Charedi Rabbis Speak Out On Abuse

By The Jewish Week
August 26, 2015

A noteworthy and laudable statement was signed and made public in recent days by more than 100 charedi rabbis, asserting that Jewish law calls for reporting child abuse to civil authorities.

The rabbis cited a passage in the Torah — “Do not stand by while your neighbor’s blood is shed” (Leviticus 19:16) — as the basis for asserting that “any individual with firsthand knowledge or reasonable basis to suspect child abuse has a religious obligation to promptly notify the secular law enforcement of that information.”

This is a major step for those in a culture that has long believed such issues should be determined by religious leaders rather than civil authorities.

The blog Failed Messiah noted that with perhaps one exception, the rabbis who signed on are not top-tier leaders of charedi umbrella organizations and do not include members of the Agudath Israel Council of Sages or prominent rebbes of the chasidic movements. Their absence suggests they maintain that only leading Torah scholars can determine the halachic parameters of when a case should be given over to the police. But those rabbis who did sign on should be commended for doing so despite possible criticism in their communities where Das Torah, the concept that all major decisions be made by a leading Torah sage, holds firm.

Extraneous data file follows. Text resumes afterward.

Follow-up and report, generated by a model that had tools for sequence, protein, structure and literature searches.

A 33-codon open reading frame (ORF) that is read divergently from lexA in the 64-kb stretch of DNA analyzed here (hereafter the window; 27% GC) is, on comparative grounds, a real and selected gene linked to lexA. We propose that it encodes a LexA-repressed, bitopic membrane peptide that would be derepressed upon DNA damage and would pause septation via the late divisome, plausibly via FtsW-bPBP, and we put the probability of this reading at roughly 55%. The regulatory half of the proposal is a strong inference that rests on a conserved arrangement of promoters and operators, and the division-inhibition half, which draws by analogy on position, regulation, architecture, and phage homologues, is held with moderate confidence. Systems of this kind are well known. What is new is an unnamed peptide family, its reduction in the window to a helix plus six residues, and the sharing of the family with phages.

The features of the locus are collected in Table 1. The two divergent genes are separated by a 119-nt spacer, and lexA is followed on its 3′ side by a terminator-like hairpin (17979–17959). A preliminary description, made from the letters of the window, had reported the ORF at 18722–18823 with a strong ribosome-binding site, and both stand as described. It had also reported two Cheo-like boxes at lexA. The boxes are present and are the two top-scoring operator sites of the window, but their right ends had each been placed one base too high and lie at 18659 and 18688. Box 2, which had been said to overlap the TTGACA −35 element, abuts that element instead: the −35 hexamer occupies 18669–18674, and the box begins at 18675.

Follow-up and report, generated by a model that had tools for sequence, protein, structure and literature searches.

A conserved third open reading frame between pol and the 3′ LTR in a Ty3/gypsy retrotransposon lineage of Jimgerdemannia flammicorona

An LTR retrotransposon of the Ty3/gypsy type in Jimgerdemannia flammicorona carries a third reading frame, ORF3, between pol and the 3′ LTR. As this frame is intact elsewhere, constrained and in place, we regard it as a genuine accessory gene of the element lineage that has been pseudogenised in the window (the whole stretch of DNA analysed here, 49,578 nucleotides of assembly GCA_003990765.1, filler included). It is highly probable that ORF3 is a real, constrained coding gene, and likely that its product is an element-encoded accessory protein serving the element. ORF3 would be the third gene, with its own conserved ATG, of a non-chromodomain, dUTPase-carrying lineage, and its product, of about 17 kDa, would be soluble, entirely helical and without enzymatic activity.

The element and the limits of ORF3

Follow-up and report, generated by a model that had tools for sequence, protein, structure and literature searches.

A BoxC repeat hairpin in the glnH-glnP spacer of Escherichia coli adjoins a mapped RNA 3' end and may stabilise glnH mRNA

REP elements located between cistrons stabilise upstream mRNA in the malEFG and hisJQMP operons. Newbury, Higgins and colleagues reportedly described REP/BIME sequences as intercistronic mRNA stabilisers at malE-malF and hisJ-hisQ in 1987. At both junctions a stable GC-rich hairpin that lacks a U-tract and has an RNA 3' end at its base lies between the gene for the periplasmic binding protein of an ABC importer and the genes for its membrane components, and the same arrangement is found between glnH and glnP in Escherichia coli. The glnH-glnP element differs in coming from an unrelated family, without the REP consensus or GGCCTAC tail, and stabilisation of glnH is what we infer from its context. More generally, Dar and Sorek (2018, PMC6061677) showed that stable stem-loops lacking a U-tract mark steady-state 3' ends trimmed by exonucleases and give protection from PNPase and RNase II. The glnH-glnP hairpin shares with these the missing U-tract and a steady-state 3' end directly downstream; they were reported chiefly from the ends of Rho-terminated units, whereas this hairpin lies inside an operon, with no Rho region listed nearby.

That’s why the unequivocal public statement, based on “religious obligation” to report, is particularly significant. Hopefully, it will encourage leading rabbis to rethink their long held positions, given the dismal track record of abuse cases that go unreported, with untold suffering in their communities. The public document, called a “kol koreh,” or Torah proclamation, calls attention to the problem and may convince families and others to seek help, and justice, from the police and other civil authorities.

To date, most charedi publications and sites have not published the list of rabbis who noted that “lives can be ruined or ended by unreported child abuse, as we are too often tragically reminded.”